How To Remove Dealership Kill Switch


If you’ve purchased a used car from a dealership, you may have discovered that the previous owner had a kill switch installed. A kill switch is an anti-theft device that prevents the car from starting unless a certain sequence of actions is taken.

While this can be useful for protecting your vehicle, it can also be an annoyance if the dealership doesn’t remove it before selling you the car. Fortunately, removing a dealership kill switch is usually a straightforward process.

What is a Dealership Kill Switch?

A dealership kill switch, also sometimes called a starter interrupt device, is an electronic anti-theft device that dealerships install in the cars on their lot. It works by interrupting the power between the ignition and the starter motor, preventing the engine from turning over and starting when the key is turned.

The device has a wireless remote control fob that dealership staff use to activate and deactivate the kill switch. When active, the device makes it impossible to start the car without the remote, even if you have the proper keys. This prevents potential thieves from driving off the lot with a stolen vehicle.

Kill switches are most commonly installed in high-end, luxury, or sports vehicles that are more likely to be targeted by criminals. They provide an extra layer of security while the cars sit unattended on the dealer’s lot. However, the devices must be removed prior to sale, or else the new owner will be unable to start their own vehicle.

What Is A Dealership Kill Switch?
What is a Dealership Kill Switch?

Why Would a Kill Switch be Left Installed?

There are a few reasons why a dealership might accidentally leave a dealership kill switch installed on a used car:

  • Forgetfulness: In their haste to complete a sale, dealership staff may simply forget to remove and deactivate the device.
  • Improper training: If new sales staff are not properly trained on how to spot and remove kill switches, they may miss seeing them installed on inventory vehicles.
  • rushed sales: High-volume dealers that sell many used cars daily may accidentally overlook removing kill switches in their rush to complete transactions.
  • Multiple devices: Some vehicles may have more than one kill switch device installed. If staff only remove one, they may leave another activated.
Professional HelpRecommended: Consult a professional automotive technician for safe removal.
Disable LegallyEnsure you’re in compliance with local laws and dealership agreements when removing it.
Locate Kill SwitchIdentify the exact location of the kill switch within your vehicle.
Disconnect WiringCarefully disconnect the wiring connected to the kill switch.
Remove SwitchUnmount or remove the physical kill switch from your car’s system.
Removing Dealership Kill Switch

Warning Signs a Kill Switch is Installed

If you find yourself unable to start your used car’s engine despite turning the key, it may indicate that a dealership kill switch was left installed. Here are some other signs that point to a kill switch problem:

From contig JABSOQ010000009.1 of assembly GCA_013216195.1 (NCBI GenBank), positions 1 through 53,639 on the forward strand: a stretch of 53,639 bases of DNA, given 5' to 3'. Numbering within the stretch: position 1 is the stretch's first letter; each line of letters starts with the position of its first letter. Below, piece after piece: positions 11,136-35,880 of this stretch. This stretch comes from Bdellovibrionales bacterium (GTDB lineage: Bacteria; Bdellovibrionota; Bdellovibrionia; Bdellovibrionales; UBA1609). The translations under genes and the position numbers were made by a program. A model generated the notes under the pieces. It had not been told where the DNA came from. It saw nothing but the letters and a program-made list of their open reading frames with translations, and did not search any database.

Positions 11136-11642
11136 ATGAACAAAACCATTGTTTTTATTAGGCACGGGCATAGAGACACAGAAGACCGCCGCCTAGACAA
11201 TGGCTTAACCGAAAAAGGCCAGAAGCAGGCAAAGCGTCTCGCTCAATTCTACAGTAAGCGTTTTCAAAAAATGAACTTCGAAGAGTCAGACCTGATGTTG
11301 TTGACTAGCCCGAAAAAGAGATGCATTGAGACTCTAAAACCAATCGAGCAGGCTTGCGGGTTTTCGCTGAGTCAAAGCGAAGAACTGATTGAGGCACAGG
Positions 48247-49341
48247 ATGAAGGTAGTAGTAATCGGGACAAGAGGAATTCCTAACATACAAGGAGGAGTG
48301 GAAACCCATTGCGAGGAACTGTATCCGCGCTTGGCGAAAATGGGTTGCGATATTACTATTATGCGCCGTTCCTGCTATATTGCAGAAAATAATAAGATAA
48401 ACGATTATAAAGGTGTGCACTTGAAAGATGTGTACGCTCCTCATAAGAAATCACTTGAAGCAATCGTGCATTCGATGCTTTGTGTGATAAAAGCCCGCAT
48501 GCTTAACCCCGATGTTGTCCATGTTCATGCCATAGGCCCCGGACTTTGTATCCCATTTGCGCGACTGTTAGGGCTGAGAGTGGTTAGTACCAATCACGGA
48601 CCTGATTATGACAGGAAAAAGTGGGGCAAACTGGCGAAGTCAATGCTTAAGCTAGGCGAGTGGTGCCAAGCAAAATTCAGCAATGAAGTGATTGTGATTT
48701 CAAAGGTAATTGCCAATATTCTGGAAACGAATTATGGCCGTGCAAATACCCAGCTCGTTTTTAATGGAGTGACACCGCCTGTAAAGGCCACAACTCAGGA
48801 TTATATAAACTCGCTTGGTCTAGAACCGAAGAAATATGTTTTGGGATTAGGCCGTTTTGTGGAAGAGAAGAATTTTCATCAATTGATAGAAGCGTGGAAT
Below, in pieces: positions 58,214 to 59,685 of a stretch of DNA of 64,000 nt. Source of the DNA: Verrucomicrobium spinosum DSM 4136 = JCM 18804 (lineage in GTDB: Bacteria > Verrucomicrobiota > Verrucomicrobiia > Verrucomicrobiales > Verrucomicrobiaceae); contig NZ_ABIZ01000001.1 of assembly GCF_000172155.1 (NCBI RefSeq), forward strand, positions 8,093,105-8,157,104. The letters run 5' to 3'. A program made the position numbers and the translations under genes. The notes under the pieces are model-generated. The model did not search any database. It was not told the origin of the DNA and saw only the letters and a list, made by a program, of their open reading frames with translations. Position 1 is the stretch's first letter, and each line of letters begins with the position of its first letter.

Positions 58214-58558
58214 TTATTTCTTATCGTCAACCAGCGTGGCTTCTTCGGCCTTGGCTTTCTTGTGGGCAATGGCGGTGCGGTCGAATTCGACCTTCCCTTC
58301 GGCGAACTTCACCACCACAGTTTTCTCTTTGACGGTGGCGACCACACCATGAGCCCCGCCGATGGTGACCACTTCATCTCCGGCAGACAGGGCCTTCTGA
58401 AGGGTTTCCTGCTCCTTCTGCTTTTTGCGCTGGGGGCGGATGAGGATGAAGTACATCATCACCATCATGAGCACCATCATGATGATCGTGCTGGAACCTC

The starter clicks but does not turn over the engine when you attempt to start the car. The lights and electronics turn on, but the engine does not crank and start up. There is no noise at all when the key is turned – not even a click. It’s as if power is being disrupted between the ignition switch and starter.

You’ve checked the battery, connections, and starter motor and confirmed they are good. The only explanation left is an anti-theft kill switch interrupting the process. There is an unexplained button or toggle switch installed under the dash that doesn’t seem to do anything.

What Is A Dealership Kill Switch?
What is a Dealership Kill Switch?

How to Bypass and Remove a Dealership Kill Switch

Here is the process for locating and disabling a dealership kill switch so you can start your car:

Locate the Kill Switch Device

The first step is finding where the physical dealership kill switch device is installed. Check these common locations:

  • Zip-tied under the dashboard or steering column shrouds
  • Mounted near the OBDII port under the dash
  • Along the starter motor wires in the engine bay
  • Mounted atop the transmission or nearby
  • Underneath the center console storage bin
  • Behind panels in the trunk or cargo area

Look for a small black or gray box with wires leading from it. It may have a button or switch on it or a place to plug in a remote fob.

Bypass the Device

Once you locate the device, determine the best way to bypass it:

  • Unplug it if it’s connected via an electrical harness. This instantly disables it.
  • Cut the wires leading from it to disable the interrupter switch. Make sure to electrical tape bare ends.
  • If wired directly into the starter circuit, carefully identify the wires that run through it and bypass it by jumping them together.

The key is interrupting the dealership kill switch’s ability to break the circuit between ignition and starter. Carefully identify the correct wires and bypass the connections around the device.

Bypass The Device
Bypass the Device

Deactivate the Remote Fob

If the device has a wireless remote fob, make sure you locate and deactivate it as well or the kill switch could still be triggered:

  • Look in the glovebox, center console, or trunk/cargo areas for the fob.
  • Remove the battery from the remote fob. This disables its ability to send signals.